Turning over a gold leaf

Underexplored and highly prospective, South Australia’s Gawler Craton has long drawn interest from those interested in tapping its mineral potential.

It’s unlikely, however, that many have turned to the sprawling mulga trees which span the area as an indicator of what lies beneath; until now.

Gold explorer Marmota recently embarked on an innovative exploration campaign to sample the leaves of the mulga and senna trees on its Aurora Tank prospect in the Woomera Prohibited Area, with promising results.

When processed and tested, the tree leaves had absorbed and contained higher levels of gold over better mineralised areas, and low gold content over poorly mineralised zones.

It’s a process which has been around for some time abroad, but not one that’s particularly well-known or used, according to Marmota Executive Director of Exploration Kevin Wills.

“We decided we wanted to try something new because there’s a chance that, because the anomalies in the leaves are generated by tree roots which sink quite deep, they may be able to see mineralisation deeper than we would see by conventional sampling,” he said.

“The idea is to try and collect leaf samples over the area and look for anomalies, and we’re actually about to begin a program to test some of those anomalies we’ve found.

“That’s going to be interesting.”

A form of biogeochemical exploration, Dr Wills said testing leaves was a low-impact exploration method, requiring just two people on foot or quad bike and allowed for the collection of 60-90 samples per day.

Originally out of Soviet Russia, the technique is one which has been popular in Canadian exploration for a number of years but is yet to really penetrate the Australian exploration market, according to CSIRO Senior Geochemist Nathan Reid.

“Because Australia has a greater species diversity than in the northern hemisphere, there’s been a lot of scepticism around how you use plants to search for mineral deposits,” he said.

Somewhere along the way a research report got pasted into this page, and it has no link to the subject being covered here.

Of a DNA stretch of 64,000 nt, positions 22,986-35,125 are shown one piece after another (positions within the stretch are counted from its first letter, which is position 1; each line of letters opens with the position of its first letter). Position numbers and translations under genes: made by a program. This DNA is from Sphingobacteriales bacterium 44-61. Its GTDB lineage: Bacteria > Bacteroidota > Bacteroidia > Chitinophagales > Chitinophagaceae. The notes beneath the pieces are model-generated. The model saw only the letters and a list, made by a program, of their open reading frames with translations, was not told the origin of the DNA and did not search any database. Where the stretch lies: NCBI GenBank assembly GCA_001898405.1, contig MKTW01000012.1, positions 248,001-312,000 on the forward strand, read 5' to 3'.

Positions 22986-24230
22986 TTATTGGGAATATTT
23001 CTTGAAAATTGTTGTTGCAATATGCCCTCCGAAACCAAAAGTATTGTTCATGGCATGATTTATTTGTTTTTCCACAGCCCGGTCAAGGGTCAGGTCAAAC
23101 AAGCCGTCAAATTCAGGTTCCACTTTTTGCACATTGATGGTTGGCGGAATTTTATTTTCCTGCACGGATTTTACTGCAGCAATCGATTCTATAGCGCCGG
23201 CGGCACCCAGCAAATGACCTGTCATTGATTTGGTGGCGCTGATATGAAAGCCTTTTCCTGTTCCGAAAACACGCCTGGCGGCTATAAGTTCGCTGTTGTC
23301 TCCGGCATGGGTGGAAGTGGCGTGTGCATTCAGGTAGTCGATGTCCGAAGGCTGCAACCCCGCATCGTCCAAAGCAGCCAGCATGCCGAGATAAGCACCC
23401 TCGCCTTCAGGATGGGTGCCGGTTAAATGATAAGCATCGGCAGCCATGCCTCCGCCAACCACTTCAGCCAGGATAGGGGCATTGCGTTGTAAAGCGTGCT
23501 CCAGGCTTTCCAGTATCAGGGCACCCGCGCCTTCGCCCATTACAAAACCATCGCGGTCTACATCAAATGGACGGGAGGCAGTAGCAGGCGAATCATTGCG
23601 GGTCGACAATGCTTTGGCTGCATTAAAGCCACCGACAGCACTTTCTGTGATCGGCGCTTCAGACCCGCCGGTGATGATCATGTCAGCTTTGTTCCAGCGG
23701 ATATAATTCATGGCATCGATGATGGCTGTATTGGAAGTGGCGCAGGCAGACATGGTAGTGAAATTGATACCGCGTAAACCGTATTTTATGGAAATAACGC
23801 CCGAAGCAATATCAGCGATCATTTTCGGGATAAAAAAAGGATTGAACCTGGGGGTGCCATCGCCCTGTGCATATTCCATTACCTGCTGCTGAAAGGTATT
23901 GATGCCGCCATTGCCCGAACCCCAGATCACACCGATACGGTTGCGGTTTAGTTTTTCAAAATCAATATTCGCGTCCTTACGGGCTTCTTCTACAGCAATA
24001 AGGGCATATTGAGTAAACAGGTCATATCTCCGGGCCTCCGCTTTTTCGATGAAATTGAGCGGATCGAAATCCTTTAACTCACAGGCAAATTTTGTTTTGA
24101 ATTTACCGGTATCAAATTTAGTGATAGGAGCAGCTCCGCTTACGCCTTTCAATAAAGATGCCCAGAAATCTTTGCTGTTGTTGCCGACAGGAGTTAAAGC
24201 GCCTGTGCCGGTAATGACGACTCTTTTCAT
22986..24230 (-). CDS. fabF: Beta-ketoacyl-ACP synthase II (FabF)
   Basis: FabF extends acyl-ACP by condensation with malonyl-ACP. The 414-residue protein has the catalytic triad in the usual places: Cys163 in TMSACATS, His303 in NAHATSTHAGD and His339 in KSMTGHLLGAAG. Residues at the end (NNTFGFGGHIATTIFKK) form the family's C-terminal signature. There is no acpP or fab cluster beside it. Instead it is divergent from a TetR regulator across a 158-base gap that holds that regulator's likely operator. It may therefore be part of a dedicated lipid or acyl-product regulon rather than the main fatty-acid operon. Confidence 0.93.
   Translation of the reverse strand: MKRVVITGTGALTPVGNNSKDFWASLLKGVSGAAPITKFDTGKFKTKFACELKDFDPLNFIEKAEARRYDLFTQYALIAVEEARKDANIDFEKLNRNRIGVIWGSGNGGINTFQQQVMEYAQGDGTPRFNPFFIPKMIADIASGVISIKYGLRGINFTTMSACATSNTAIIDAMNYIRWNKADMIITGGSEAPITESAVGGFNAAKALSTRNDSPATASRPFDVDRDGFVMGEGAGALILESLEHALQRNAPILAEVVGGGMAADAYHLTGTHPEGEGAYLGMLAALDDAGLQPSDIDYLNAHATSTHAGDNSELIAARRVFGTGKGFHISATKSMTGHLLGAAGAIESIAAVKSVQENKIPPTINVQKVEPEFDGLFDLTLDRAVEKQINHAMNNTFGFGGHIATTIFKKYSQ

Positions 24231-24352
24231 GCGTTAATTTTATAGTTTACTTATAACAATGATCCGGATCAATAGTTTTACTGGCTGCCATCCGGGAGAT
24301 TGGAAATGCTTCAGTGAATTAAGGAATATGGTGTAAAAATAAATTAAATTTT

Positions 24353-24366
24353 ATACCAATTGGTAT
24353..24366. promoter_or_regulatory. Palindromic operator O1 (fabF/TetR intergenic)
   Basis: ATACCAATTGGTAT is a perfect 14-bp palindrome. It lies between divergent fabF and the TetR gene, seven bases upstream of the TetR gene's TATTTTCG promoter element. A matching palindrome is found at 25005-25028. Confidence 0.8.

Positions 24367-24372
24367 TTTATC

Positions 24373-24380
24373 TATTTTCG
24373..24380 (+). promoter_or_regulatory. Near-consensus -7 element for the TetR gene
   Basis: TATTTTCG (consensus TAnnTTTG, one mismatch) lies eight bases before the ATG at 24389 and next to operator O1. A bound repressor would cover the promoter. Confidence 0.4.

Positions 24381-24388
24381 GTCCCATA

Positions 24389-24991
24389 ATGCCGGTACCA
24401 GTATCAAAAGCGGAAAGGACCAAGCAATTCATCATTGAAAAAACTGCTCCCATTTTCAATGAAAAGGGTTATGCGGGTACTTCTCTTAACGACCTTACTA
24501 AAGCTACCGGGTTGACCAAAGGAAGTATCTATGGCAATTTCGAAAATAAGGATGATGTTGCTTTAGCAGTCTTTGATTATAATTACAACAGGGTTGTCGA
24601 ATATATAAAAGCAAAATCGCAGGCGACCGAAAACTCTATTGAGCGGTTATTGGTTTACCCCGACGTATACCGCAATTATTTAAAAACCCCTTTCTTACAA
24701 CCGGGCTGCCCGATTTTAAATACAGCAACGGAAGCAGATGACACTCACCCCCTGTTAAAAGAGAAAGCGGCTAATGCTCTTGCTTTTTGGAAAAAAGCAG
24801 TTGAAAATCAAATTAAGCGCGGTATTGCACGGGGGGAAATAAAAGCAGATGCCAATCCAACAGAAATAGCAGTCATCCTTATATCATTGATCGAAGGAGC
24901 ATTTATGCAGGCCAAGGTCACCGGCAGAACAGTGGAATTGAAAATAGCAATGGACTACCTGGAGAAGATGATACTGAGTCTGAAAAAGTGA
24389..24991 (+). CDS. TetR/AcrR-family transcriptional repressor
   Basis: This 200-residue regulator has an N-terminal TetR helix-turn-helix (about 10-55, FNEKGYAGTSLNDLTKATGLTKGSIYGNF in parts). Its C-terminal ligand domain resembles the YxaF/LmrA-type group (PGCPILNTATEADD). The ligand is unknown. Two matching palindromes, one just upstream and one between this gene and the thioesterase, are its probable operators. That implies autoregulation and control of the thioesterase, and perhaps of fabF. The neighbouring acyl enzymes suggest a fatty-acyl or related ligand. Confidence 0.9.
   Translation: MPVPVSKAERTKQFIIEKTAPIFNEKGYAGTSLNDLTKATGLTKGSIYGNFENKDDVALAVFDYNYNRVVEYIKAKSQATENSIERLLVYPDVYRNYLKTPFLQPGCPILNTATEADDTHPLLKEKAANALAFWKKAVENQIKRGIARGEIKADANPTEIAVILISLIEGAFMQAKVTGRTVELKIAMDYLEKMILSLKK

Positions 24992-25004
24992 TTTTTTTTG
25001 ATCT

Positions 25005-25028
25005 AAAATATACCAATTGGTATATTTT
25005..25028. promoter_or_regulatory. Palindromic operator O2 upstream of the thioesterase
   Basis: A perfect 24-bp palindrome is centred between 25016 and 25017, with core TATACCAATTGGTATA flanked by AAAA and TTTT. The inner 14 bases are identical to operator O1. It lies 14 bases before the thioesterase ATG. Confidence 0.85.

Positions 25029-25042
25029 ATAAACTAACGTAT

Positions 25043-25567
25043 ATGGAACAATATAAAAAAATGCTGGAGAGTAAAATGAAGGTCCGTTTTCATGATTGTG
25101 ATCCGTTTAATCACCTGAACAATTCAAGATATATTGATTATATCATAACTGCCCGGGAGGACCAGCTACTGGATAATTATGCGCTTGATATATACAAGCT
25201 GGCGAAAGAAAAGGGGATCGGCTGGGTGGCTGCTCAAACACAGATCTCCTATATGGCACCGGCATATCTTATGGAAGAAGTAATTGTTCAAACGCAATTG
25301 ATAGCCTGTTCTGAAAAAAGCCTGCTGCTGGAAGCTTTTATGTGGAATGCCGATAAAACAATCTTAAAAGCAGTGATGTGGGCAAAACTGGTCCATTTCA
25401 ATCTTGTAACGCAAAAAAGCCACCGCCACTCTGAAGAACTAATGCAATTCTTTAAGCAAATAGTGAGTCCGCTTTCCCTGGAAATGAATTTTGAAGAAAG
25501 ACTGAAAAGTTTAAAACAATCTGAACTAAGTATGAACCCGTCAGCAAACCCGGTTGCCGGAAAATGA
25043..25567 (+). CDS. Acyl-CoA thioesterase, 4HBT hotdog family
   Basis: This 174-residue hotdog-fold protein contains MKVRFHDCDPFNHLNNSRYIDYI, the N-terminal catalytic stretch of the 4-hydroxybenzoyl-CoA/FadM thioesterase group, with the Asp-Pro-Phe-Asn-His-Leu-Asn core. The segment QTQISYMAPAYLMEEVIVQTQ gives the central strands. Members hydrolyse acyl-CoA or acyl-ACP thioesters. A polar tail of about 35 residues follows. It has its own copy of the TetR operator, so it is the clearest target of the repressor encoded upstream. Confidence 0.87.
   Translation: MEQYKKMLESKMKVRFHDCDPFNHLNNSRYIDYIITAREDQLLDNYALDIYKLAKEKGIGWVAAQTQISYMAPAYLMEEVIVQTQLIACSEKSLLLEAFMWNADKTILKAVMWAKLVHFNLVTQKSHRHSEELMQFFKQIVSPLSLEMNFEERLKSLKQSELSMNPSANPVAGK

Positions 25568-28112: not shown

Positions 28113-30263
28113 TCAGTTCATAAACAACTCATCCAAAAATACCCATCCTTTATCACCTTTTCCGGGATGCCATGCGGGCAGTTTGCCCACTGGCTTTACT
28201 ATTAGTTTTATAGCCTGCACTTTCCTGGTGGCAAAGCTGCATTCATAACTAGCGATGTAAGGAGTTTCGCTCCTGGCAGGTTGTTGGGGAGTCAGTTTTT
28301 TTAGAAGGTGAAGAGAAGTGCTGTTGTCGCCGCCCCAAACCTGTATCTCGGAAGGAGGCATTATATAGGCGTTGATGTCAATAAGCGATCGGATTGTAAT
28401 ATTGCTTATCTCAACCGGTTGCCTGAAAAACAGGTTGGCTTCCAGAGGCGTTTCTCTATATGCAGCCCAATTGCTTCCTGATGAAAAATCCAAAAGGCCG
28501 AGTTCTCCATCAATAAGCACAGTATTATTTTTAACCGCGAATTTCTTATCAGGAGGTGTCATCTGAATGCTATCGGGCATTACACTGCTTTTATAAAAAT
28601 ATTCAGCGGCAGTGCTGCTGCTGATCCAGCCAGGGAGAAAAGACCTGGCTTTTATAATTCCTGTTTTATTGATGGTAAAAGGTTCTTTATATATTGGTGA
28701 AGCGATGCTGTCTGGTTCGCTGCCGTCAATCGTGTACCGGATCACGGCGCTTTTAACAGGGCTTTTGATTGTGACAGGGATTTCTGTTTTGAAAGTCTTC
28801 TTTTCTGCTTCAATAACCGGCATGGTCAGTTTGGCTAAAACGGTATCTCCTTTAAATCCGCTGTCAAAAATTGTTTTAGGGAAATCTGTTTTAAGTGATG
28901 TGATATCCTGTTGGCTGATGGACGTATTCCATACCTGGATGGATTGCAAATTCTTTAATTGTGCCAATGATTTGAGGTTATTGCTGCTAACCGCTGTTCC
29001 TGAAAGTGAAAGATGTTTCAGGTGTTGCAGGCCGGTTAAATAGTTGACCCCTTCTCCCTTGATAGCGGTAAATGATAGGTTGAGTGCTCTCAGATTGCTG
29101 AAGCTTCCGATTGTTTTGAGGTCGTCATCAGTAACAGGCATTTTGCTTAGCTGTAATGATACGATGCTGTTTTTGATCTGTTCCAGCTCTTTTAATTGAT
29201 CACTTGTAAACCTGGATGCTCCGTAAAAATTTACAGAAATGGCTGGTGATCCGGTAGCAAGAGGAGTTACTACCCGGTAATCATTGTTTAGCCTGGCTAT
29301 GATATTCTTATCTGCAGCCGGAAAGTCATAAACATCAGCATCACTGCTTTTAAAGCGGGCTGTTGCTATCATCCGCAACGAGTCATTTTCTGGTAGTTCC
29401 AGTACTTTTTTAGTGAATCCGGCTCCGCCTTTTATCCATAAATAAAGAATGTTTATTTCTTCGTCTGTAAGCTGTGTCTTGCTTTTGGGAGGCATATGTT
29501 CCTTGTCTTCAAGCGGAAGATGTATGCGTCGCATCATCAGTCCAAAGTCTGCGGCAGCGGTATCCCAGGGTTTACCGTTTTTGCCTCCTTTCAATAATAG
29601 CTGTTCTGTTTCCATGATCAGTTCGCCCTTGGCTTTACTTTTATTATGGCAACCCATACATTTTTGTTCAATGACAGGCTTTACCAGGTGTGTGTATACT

“There’s been a lot of research by CSIRO that’s also been part of some larger AMIRA projects which Ravi Anand has run. Collaboration with universities and Geoscience Australia has looked at different plants and environments where this might work, what sort of elements you look for and how you target different styles of mineralisation – not just gold, but all sorts of things like volcanogenic massive sulfide, copper and lead.”

Science is golden

Explorers are typically focused on the ground, so the idea that gold could make its way into the leaves of local trees is one which may seem counter-intuitive.

The key to this is in the plant roots, which often stretch further beneath the surface than auger drilling or soil sampling are likely to reach.

“If you have gold in an accessible part of the subsurface where roots are sitting, and the plants can access it, they’ll inadvertently take up the gold,” Dr Reid said.

“They don’t actually need gold to grow; what they do need is copper. In their absorption of copper, gold being of a similar size and charge will inadvertently pass up the same uptake channels and plant roots, and if there is a larger concentration in that zone you’ll see it transferred into the plant material.

“If you’ve got a gold system you’ll quite often look for arsenic in the plant as well, because a lot of the gold systems have arsenic pyrite in the system. Things like tungsten can be around, and silver sometimes – single elements are good but it’s better if you’ve got a multi-element halo.”

To test consistency, explorers are encouraged to sample at consistent heights and multiple trees within an area.

Dr Reid said uptake of the technology had been mixed in recent years, but the potential was there for further use in the mining space.

“The benefit really is that we’re moving into areas where pretty much everything that’s sticking out of the ground has been found,” he said.

“There’s not much scope left there, so you start looking at areas of transported cover, and the minute that cover gets any more than a metre depth then a lot of the usual techniques don’t work anymore – you either spend a lot of money to send out a drill rig or you use a different technique.

“A lot of people use soil sampling or other ways of testing, but in many cases soil sampling doesn’t work either. If you’ve got too much erosion and nothing’s building up on surface then soil sampling won’t work – but something with a little extra depth could.”

Back in South Australia, Dr Wills believes the exploration technique will bloom the moment someone makes a significant discovery with it.

“It needs more successful usage,” he said.

“As with any new technique, as soon as you find something everyone jumps on the bandwagon. We didn’t originate this technique, it’s not widely used. It is well known amongst the exploration community, but it hasn’t been able to be shown to be successful at finding things as yet.

“If we do find something with it it’ll certainly get a kick- along in terms of future use I think.”

The secrets of the Woomera mulga trees may soon be unlocked.

Image: Taking tree samples at Aurora Tank.

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